‘It seemed such a popular idea,’ explains Moore, ‘and nobody had taken it that step further in Glasgow. We’d been messing around with it for a while and finally decided to do it

about a month and a half ago.’

McCluskey whose band will be doing their own headlining set in the second week - programmed the series and will be comparing the shows.

‘Ken seemed the ideal candidate for it because he’s pivotal to that whole acoustic music scene in Glasgow. We thought he could get a good solid programme together as well as bringing in special guests each night that we’re not actually advertising. The idea was that we would get bands that don’t normally play acoustically to do acoustic sets, or alternatively to put together a programme that would allow people to get on stage together and jam, which is where Jam Jar comes from.’

Already lined up for future weeks are Rory McLeod, Fionna Duncan and Sid Griffin, and there are plenty of local worthies to fill a complete programme . for each night - the plan being that there will be some kind of live music playing from the moment one enters the building.

The Arches, thinks Moore, is an ideal venue for a venture like this. ‘Because the capacity is around 300, it bridges that gap between pubs and places that are slightly larger, so it gives the opportunity to people that normally just play pubs, which is quite a _ thriving scene for acoustic music, to come in and do something.’ (Alastair Mabbott)

Jam Jar is at The Arches, Glasgow, every Monday. See listings for details.

i. v LISTEN!

1 I It’s the Second

5 Coming! OfThe Kevin

( McDennott Orchestra. that is. And to announce

2 their re-emergence and new album. The Last

I Supper after a period of

covert operations under

the name The Orphans.

. the KMO have been

sending out loaves of

bread with Maltese Cross- type designs stamped on

the side. Said loaf is now

in the hands of highly-

qualified sanitation

workers having turned a

fetching shade of blue.

But what we want to

know is a) will it

mysteriously return to us

in three days‘.’ and b)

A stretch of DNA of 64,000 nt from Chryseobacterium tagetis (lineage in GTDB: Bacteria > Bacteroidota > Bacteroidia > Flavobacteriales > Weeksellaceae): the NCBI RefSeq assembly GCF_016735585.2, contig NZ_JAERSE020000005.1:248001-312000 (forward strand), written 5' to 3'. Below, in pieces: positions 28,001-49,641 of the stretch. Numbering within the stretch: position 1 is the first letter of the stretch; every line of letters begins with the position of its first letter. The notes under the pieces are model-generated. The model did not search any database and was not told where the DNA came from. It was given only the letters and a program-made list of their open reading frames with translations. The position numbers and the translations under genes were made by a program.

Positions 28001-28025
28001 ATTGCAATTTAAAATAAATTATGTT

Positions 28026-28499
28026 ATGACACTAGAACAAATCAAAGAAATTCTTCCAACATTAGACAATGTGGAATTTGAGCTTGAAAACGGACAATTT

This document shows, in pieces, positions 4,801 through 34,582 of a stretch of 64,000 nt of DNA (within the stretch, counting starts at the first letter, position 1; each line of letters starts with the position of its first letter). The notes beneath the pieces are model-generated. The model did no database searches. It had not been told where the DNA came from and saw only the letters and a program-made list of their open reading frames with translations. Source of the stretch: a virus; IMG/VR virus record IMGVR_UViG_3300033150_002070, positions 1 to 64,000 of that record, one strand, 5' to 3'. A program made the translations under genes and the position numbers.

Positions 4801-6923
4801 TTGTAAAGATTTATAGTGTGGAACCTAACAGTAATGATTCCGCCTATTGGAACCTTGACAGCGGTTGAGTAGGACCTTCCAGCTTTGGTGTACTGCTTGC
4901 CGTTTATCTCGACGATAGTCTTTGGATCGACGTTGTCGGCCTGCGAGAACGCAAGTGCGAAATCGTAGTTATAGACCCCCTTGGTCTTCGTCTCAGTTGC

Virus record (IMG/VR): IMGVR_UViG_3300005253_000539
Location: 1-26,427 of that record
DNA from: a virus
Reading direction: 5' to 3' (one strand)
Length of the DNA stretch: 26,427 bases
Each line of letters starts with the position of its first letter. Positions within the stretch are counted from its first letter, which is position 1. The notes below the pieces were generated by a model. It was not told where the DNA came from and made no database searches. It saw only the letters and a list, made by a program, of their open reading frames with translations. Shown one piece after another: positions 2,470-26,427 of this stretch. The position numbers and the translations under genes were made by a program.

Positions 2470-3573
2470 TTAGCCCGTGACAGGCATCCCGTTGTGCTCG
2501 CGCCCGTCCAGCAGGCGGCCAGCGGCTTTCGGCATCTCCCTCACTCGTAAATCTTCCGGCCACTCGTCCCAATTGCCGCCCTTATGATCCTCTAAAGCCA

continuing the Last

Supper theme. shouldn‘t

there be a voluptuous

bottle of red following

close on its heels? We're


I Sound City personnel

are somewhat crestfallen

by the lack of tasty

anecdotes thrown up by

their musical jamboree;

but we have to doff our

caps to whoever was

responsible for sending all

of Buffalo Tom's stage

gear to i.os Angeles when

it was supposed to go to

' Glasgow. is there perhaps

I a venue called Tramway

I in East LA we haven‘t

heard about? And special

congratulations to the

London hack from an

( important daily newspaper

f (which shall, of course. go

i nameless) who entirely

l failed to set a debauched

' tone for the ensuing week

despite passing out

completely senseless on

Nice 'n' Sleazy‘s floor on

the first night. Above and

beyond the call ofduty.

we say.

I The Rocking Horse on

Victoria Street is the new

showcase venue for bands

to be seen in Edinburgh.

apparently. Local band

1 First Real Target were

given demo time in a

London studio by island

Music's A & R

department after a gig

there, and what do you

know, the venue is

looking for more bands to

5 play there. especially in

support slots. The number

is 031 225 3326.

CORRECTION Michelle Shocked

The Sound City programme published in The List (223) referred to a dispute between Michelle Shocked and her former ‘manager, agent and record company boss'. This was a reference to Martin Goldschmidt of Cooking Vinyl who has asked us to point out that although the legal dispute continues. he has not worked with Michelle Shocked since 1989 in any capacity, and since 1987 her record company has been Polygram (US). Martin Goldschmidt has also asked us to make clear that he has never tried to prevent Michelle Shocked from touring in the UK. We apologise for any misunderstanding.

The List 22 April—5 May 1994 41